It's the latest wellness buzz, but how strong is the science behind gut health?

Fleur Britten of The Times reports on the links between lifestyle and tummy trouble — while two writers test the advice that goes far beyond food.

The wellness world has gone potty for gut health. Photo / 123RF
The wellness world has gone potty for gut health. Photo / 123RF

Impeachment schedule explained: Why the trial could last weeks

The impeachment trial of Donald Trump could be over in two weeks, or it could stretch on much longer, depending on how much time is used by each side and how much additional evidence — if any — senators vote to review.

Michael D. Shear of The New York Times looks at what to expect over the coming days or weeks.

The US flag flies above the Senate Chamber at the Capitol in Washington. Photo / T.J. Kirkpatrick, The New York Times
The US flag flies above the Senate Chamber at the Capitol in Washington. Photo / T.J. Kirkpatrick, The New York Times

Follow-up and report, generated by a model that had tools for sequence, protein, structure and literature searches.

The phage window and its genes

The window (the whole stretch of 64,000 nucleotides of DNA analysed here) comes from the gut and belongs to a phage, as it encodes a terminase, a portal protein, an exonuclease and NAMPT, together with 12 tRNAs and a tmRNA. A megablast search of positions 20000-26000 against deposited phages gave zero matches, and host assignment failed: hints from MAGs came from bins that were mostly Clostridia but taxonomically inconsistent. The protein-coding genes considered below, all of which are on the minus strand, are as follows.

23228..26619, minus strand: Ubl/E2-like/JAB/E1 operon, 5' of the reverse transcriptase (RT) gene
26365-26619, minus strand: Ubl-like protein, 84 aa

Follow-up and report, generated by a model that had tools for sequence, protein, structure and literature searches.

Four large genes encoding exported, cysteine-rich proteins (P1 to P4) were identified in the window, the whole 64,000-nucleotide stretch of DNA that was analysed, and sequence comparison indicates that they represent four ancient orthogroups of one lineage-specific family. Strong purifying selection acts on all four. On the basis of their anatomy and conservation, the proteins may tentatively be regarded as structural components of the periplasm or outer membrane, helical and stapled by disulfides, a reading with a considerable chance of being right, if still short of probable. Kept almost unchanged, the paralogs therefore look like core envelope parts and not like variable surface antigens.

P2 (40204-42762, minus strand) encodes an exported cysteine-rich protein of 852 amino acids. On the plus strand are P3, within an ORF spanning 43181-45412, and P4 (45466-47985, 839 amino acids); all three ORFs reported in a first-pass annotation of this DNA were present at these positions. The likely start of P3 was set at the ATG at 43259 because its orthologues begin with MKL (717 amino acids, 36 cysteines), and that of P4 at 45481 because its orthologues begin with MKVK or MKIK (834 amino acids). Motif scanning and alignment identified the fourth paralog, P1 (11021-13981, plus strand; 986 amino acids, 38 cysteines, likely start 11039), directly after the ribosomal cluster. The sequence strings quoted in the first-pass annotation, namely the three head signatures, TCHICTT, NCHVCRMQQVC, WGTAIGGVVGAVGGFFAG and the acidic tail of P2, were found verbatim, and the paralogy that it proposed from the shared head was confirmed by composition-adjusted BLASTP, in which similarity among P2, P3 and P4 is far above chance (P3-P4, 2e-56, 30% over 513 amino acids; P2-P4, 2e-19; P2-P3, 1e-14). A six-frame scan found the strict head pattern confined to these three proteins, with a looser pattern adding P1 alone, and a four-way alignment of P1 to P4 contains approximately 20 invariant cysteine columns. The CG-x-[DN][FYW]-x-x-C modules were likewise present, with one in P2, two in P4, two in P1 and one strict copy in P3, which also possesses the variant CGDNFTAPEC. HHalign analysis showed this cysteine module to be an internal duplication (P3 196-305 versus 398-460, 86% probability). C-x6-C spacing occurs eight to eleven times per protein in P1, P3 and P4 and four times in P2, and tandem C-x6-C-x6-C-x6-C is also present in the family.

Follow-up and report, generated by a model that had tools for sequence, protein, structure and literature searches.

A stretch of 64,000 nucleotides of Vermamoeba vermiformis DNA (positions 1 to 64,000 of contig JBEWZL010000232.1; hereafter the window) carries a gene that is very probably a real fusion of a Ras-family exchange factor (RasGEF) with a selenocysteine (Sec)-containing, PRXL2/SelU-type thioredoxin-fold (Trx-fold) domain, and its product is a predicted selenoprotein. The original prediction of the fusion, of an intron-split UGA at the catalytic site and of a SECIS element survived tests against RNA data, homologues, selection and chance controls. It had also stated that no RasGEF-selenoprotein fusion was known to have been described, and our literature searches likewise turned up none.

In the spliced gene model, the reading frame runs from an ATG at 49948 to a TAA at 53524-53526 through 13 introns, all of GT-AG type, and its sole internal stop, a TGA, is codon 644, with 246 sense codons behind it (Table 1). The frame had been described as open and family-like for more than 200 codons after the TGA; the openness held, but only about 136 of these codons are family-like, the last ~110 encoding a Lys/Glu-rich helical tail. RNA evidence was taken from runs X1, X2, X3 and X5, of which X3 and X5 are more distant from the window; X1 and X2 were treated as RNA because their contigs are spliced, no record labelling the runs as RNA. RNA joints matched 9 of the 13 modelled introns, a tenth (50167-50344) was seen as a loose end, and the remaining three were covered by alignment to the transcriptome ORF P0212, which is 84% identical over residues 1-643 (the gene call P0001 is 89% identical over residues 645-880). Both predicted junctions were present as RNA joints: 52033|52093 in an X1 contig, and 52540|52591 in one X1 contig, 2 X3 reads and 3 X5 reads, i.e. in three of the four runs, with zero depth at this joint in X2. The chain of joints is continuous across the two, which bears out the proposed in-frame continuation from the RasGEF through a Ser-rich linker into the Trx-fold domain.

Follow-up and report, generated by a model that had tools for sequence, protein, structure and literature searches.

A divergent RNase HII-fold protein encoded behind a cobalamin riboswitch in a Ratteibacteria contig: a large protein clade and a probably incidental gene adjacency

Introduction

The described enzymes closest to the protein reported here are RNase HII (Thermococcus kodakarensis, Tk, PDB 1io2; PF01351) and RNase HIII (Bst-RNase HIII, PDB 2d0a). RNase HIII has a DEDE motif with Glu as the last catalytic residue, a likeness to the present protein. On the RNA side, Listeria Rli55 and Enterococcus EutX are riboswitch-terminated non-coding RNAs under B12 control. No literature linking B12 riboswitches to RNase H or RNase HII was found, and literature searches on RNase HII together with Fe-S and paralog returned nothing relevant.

A luxury dish is banned, and a rural county reels

Last October, when the New York City Council passed a ban on foie gras as inhumane, Mayor Bill de Blasio called foie gras "a luxury item that the vast majority of us would never be able to afford."

But two hours northwest of the city, in one of New York's poorest counties, foie gras plays a much different role. There, it is not a luxury splurge but a domino in a fragile local economy. Almost all of the foie gras produced in the United States comes from two duck farms in Sullivan County, where about 400 workers, mostly immigrants from Mexico and Central America, rely on it for their livelihood.